JOHN MCCRADY (1911-1968) The Golden Rule, 1964. Acrylic on canvas, 18.25" x 23.25"
Painter John McCrady was born in the rectory Grace Episcopal Church in Canton, MS, on 9/11/1911, He grew up in Oxford, MS, where his father Rev. Edward McCrady led St. Peter's Episcopal Church and served as head of the philosophy department at Ole Miss. He graduated from high school and attended Ole Miss, where his artistic talents were evidenced in yearbook illustrations. After his sophomore year, he won a scholarship to the prestigious Art Students League in New York, where he studied with such "American Scene" painters as Thomas Hart Benton. However, uninspired by the urban surroundings, he realized that his inspiration lay in Oxford and the surrounding Lafayette County hills and returned to the South. He had his first one-man show in Philadelphia in 1936, and another solo exhibition in New York the following year. These shows brought him recognition in Newsweek, Time, Life, and the New Republic.
In 1939, McCrady received a Guggenheim fellowship to document black cultural and religious life in the South. As abstract art gained popularity, McCrady's simple, regional style became critically less favored, and after a New York exhibit in 1946, the American Communist Party's Daily Worker called the show a "flagrant example of racial chauvinism." The criticism deeply impacted McCrady, and he stopped painting until the National Institute of Arts and Letters awarded him a 1949 grant in recognition of his "warm poetic vision of life in the South."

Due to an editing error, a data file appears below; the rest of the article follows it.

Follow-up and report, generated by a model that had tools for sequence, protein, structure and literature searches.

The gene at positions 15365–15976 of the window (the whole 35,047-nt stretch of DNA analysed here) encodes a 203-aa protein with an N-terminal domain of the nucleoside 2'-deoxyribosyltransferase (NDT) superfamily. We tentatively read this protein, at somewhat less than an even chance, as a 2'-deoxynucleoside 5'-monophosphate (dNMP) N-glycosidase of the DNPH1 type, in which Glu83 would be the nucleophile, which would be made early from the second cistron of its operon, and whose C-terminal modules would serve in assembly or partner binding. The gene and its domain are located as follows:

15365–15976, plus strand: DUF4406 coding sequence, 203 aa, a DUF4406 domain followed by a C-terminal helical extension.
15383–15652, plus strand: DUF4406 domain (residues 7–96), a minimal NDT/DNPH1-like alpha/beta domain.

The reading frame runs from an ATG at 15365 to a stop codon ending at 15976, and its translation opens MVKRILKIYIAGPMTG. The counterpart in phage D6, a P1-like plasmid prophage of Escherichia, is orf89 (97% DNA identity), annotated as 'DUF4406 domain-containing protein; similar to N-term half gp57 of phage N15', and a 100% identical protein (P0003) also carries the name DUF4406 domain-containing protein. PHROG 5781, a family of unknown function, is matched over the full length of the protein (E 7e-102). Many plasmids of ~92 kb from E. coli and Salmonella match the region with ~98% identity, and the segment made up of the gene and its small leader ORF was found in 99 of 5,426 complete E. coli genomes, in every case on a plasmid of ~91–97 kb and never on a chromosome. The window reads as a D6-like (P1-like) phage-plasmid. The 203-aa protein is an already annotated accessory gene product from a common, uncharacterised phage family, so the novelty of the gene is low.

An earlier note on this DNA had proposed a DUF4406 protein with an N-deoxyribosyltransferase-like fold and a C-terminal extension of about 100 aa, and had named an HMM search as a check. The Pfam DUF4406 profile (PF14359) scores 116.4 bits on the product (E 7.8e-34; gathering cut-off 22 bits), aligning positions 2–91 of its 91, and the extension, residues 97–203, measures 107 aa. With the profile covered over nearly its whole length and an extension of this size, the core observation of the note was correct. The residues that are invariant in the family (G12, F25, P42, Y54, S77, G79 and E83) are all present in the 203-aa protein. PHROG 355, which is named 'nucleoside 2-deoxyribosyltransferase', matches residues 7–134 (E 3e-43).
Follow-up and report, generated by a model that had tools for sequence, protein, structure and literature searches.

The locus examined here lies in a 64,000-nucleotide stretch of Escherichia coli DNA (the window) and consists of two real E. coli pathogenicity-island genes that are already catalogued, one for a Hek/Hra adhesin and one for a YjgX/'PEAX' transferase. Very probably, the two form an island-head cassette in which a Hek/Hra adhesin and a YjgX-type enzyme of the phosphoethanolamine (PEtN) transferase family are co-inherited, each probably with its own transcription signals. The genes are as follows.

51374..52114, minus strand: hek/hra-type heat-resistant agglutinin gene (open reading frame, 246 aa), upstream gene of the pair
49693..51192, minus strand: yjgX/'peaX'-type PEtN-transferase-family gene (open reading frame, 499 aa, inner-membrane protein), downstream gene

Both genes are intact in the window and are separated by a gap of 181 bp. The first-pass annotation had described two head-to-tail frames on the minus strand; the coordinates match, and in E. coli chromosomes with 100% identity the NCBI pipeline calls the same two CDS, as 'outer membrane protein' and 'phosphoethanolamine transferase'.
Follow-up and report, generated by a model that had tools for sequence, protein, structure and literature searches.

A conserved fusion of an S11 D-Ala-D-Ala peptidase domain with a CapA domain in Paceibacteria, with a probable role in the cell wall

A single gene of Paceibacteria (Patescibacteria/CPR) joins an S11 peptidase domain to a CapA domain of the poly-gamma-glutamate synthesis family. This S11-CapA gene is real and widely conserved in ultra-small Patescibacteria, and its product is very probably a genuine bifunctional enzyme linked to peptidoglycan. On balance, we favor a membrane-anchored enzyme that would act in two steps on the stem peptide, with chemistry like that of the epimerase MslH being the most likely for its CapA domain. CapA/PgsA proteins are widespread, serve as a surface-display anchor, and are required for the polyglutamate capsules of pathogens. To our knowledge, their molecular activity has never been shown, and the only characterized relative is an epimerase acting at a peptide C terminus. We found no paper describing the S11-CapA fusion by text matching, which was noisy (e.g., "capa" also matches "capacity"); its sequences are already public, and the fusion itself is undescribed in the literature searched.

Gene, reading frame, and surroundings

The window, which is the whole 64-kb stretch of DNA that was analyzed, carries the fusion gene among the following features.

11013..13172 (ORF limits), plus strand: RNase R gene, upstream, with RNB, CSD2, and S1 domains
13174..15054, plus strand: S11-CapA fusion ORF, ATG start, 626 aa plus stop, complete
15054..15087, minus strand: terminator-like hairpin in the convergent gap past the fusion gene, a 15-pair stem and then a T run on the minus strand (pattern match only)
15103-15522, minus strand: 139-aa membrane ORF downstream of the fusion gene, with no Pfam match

For the next two decades, McCrady focused on teaching at the John McCrady Art School in the French Quarter of New Orleans, which remained in operation until 1983. He also continued to paint scenes of his beloved Oxford and Lafayette County. Not surprisingly given his upbringing, these very often featured religious or spiritual themes. Of the above painting, not-so-subtly titled The Golden Rule, McCrady said the following:
These gentlemen and ladies who stand on Oxford Square are, nearly all I'm sure, subscribers to the Oxford Eagle. Saturday is a favorite day to gather and discuss many subjects and to collect opinions. Of what they talk is somewhat reflected in the Eagle, where letters are published from unsophisticated correspondents who represent the people throughout the surrounding hills...These letters are of news and obituaries, written by people who are quite philosophical and abundantly endowed with compassion. One is Elmer Higginbotham of Higginbothamville, who always starts his column with a big "Hello to all you good friends and readers out there." About the Fourth (of July) he says, "I remember when folks used to hitch up their horses to a farm wagon and drive for miles to some old picnic ground...There were 'great orators' who would let us know about what's happening in Washington" about the change of time and ways.... About his heritage, he went on to say, "I rejoice to know I have lived in such a wonderful time when people and their neighbors had respect for each other and were not in a hurry and had time to stop and talk with one another."
Keep in mind, this was painted in 1964, two years after James Meredith became the first African-American student to enroll at Ole Miss. Even then there were forces of good at work among the "everyday folk" here in Mississippi. I've been told that certain attitudes and beliefs are generational and that only the slow passage of time will lead to meaningful change. I refuse to believe that we, you and I, cannot engage in the types of discussions that catalyze progress. It starts by looking within. What are my prejudices and biases? What am I doing to change them?